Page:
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Table of contents
1.
Introduction
2.
Storing Strings as Character Arrays
3.
Storing Strings as Character Pointers
3.1.
Read-only string in a shared segment. 
4.
Dynamically allocated in the heap segment. 
5.
Frequently Asked Questions
5.1.
How is a string stored in C?
5.2.
Where is a string stored in memory in C?
6.
Conclusion
Last Updated: Mar 27, 2024
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Storage for Strings in C

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Introduction

Strings are objects representing a sequence of character values. An array of characters works the same as a string. So, a string is an array of characters or an object used to represent a sequence of characters. A string is referred to as using a character pointer or a character array. In this article we will discuss how strings are stored in the C Language. Let us dive into the topic.

Also See, Sum of Digits in C and C Static Function

Storing Strings as Character Arrays

The strings declared as character arrays are stored like other arrays in C. For example, if str[] is an auto variable, the string is stored in the stack segment; if it’s a global or static variable, then stored in the data segment. 

Strings as character arrays can be stored in two ways:

char str[6] = "Ninja"; /*One extra for string terminator*/
char str[6] = {‘N‘,‘i’, ‘n’, ‘j‘, ‘a‘, '\0'}; /* '\0' is string terminator */
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Storing Strings as Character Pointers

Strings can be stored using character pointers in two ways:

Read-only string in a shared segment. 

The directly assigned string values to a pointer are stored in a read-only block shared among functions in most compilers

char *str = "Ninja";  

The word “Ninja” is stored in a shared read-only location while the pointer str is stored in read-write memory. The pointer str can be changed to point to something else, but it cannot change the value at the present str. So this kind of string should be used only when the string is not modified at a later stage in the program.

Also see, Short int in C Programming

Must Read Passing Arrays to Function in C

Dynamically allocated in the heap segment. 

Strings are stored like other dynamically allocated things in C and shared among functions. 

char *str;
int size = 6; /*one extra for ‘\0’*/
str = (char *)malloc(sizeof(char)*size);
*(str+0) = 'N'; 
*(str+1) = 'i';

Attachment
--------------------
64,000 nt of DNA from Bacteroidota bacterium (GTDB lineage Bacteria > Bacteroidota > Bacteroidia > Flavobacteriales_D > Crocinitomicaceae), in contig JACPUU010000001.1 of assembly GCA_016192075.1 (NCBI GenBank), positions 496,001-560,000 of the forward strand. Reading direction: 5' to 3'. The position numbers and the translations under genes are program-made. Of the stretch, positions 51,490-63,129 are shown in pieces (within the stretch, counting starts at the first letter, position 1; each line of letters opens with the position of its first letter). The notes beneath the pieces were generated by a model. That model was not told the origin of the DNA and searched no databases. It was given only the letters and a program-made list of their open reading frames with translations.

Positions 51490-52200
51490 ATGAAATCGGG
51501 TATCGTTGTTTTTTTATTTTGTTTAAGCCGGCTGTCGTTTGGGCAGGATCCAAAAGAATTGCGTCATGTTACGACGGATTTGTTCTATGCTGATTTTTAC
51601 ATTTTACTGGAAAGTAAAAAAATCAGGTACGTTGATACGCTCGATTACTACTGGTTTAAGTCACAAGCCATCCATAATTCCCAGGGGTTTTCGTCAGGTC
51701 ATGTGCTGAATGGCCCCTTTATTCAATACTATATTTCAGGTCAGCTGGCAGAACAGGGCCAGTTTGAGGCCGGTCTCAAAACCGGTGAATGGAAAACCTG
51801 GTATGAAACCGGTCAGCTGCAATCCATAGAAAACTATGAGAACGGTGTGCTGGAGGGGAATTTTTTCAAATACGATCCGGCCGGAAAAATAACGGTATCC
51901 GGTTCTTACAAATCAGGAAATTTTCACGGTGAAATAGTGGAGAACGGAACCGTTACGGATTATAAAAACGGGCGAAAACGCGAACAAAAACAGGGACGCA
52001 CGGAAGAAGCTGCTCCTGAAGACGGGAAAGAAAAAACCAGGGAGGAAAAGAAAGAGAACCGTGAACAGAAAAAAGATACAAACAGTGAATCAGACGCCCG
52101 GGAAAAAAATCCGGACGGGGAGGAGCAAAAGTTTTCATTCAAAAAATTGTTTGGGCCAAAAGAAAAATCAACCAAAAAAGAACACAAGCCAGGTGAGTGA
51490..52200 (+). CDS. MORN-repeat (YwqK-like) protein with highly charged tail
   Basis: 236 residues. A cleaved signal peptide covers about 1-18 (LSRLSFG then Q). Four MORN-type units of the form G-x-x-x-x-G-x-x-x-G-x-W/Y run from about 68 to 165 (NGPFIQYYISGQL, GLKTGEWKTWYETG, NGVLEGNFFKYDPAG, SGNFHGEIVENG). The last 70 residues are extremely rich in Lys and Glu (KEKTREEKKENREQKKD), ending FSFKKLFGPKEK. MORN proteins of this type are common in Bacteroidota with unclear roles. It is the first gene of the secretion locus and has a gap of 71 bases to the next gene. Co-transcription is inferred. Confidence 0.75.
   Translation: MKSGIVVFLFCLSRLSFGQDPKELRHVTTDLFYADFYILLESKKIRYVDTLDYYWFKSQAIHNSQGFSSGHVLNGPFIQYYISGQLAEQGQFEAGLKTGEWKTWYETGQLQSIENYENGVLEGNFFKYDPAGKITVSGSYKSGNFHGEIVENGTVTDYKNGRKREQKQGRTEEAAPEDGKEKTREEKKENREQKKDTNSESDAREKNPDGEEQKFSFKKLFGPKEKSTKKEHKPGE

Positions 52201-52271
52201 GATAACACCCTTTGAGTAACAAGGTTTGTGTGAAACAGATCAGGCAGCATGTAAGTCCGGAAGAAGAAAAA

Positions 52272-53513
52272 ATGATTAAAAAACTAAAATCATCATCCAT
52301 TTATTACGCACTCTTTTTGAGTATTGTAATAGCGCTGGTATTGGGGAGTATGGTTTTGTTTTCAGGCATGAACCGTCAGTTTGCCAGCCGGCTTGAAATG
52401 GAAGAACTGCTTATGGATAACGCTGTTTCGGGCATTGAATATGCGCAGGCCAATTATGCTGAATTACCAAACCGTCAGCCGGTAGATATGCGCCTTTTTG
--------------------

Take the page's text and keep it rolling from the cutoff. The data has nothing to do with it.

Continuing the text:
*(str+2) = 'n';  
*(str+3) = 'j';  
*(str+4) = 'a'; 
*(str+5) = '\0'; 

Now let us see some example codes to understand the concept better.

Example 1 (modify a string)

int main()
{
 char str[] = "Ninja"; 
 *(str+1) = 'n';
 getchar();
 return 0;
}

Example 2 (Try to return string from a function) 

char *getString()
{
  char *str = "Ninja";
  return str;  
}     
 
int main()
{
  printf("%s", getString());  
  getchar();
  return 0;
}

The above code works perfectly fine as the string is stored in a shared segment and data stored remains there even after return of getString().

You can also read about the dynamic arrays in c, and  Tribonacci Series

Must Read what is storage class in c and Decision Making in C

Frequently Asked Questions

How is a string stored in C?

The strings declared as character arrays are stored like other arrays in C. For example, if str[] is an auto variable, the string is stored in the stack segment; if it’s a global or static variable, then stored in the data segment. 

Where is a string stored in memory in C?

Representing a string in C: A string is stored in memory using consecutive memory cells and the string is terminated by the sentinel '\0' (known as the NULL character).

Conclusion

In this article, we have discussed how strings are stored in memory in the C language. Having gone through this article, I am sure you must be excited to read similar blogs. Coding Ninjas has got you covered. Here are some similar blogs to redirect: Understanding strings in CReverse A String In C, Storage Class and Introduction to strings. We hope that this blog has helped you enhance your knowledge, and if you wish to learn more, check out our Coding Ninjas Blog site and visit our Library. Here are some courses provided by Coding Ninjas: Basics of C++ with DSACompetitive Programming and MERN Stack Web Development. Do upvote our blog to help other ninjas grow.

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